Ukraine has a massive and totally under-utilised technology sector that
could be harnessed if those at the top were to take a more long-term view,
however, the likelihood of that happening is virtually nil as this
administration and the opposition seem only interested in is their personal
profit now.


Language law to divide
and conquer

Facing the parliamentary
elections in Ukraine the authorities have decided to use language issue
(granting Russian official status as a second state language) in order to gain
popular support. Early in July the Ukrainian Parliament approved the Law ‘On
the fundamentals of the national language policy’ allowing local and regional
governments to grant official status to Russian and other regional languages.
Despite massive protest against the law, involving a two- week hunger strike in
Kyiv, the law has been passed to Yanukovych for signature. Based on recent
sociological research, 34 percent of Ukrainians support the law while 42
percent are against; also whilst 37 percent of respondents believe that
Ukrainian needs more protection only 18 percent speak for the protection of

Other research
demonstrates that the number if people who are against Russian as a second
official language has exceeded the number of supporters of the law; 41 percent
of Ukrainians support the idea of granting Russian official status compared to
51 percent which are against – previously the numbers were almost even. Another
interesting fact is that the language issue is not even in the first ten
priority issues for the people of Ukraine which almost exclusively centre on
the economic ones. At the same time the people of Ukraine can see that the
government wields the language issue to manipulate their opinion – 74 percent
strongly believe that by doing so the government hopes to win their votes).


Experts also reveal a
significant financial issue in conjunction with the new language legislation.
Should the President sign the Law the country will have to spend annually an
additional amount of between Hr 17 billion ($2.1 billion) and Hr 50 billion ($6.2
billion) on translation, training and administration services(6).

People First
For 70y years,
the communist party sought to eradicate the Ukrainian language and the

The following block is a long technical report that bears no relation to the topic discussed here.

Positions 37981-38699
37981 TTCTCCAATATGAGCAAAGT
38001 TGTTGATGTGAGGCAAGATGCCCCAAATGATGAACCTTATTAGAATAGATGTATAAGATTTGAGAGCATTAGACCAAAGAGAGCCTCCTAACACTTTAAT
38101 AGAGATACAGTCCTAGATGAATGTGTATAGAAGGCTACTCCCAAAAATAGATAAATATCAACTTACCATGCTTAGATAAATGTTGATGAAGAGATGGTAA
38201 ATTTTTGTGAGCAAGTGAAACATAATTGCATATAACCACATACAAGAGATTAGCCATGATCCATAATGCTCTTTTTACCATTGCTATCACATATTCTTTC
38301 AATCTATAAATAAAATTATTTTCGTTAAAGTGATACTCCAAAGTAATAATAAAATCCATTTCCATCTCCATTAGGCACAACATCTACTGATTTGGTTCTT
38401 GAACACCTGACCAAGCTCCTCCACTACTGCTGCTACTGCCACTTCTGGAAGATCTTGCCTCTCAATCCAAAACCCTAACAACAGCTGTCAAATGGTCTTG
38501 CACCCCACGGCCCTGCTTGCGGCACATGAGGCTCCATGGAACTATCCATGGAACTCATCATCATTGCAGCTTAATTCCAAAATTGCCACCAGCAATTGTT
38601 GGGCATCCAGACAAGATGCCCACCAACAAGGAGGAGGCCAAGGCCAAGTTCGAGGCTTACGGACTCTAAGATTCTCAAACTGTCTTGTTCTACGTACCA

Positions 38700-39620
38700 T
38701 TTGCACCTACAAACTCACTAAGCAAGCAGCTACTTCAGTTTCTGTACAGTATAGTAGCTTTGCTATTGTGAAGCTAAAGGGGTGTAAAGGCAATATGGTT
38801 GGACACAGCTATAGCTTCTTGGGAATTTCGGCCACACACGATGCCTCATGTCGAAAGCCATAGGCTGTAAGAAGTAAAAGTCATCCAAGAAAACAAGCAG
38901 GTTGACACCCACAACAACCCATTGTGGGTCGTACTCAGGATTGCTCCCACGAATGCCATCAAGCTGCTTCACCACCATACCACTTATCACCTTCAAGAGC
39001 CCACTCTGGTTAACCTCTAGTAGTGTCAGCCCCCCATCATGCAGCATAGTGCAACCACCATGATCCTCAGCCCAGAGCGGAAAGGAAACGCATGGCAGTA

Ukrainian culture… they failed.  This
government is once again displaying a callous disregard for the nation in
raising what should be a non-issue.  In
case the government hadn’t noticed, we live in Ukraine where the national
language is Ukrainian.  Of course, there
needs to be due respect to the other languages that make up the Ukrainian
culture and those include Russian, Romanian, Hungarian, Polish, Tatar and, to a
certain extent, English but to have two national languages is simply a recipe
for chaos. 

Setting the emotion to one side and looking at the impact for one moment
it means that investors may now have to produce every legal document in both
Ukrainian and Russian, doubling the cost, time and bureaucracy.  Imagine the chaos… Documents written in Donetsk,
where they could adopt Russian as their official language would need to be
authorised in Kyiv where Ukrainian is the official language… Can Kyiv refuse
them and which language takes precedent in law as you cannot have two?

That said we should really look at what is behind this hasty
decision.  Gaining political favour in
the East? It will not happen as this law will not change anything for the
better. The law was deliberately passed immediately after the closing of Euro
2012 thereby silencing any debate over the success or failure of the event, the
cost of hosting it and the real value to the nation.  On the first day of protest against this law
the opposition joined with the people in street demonstrations whilst in their
absence Party of Regions, with less than 70 members in the Rada (the required
minimum being a majority of 226 members), passed 36 bills worth billions into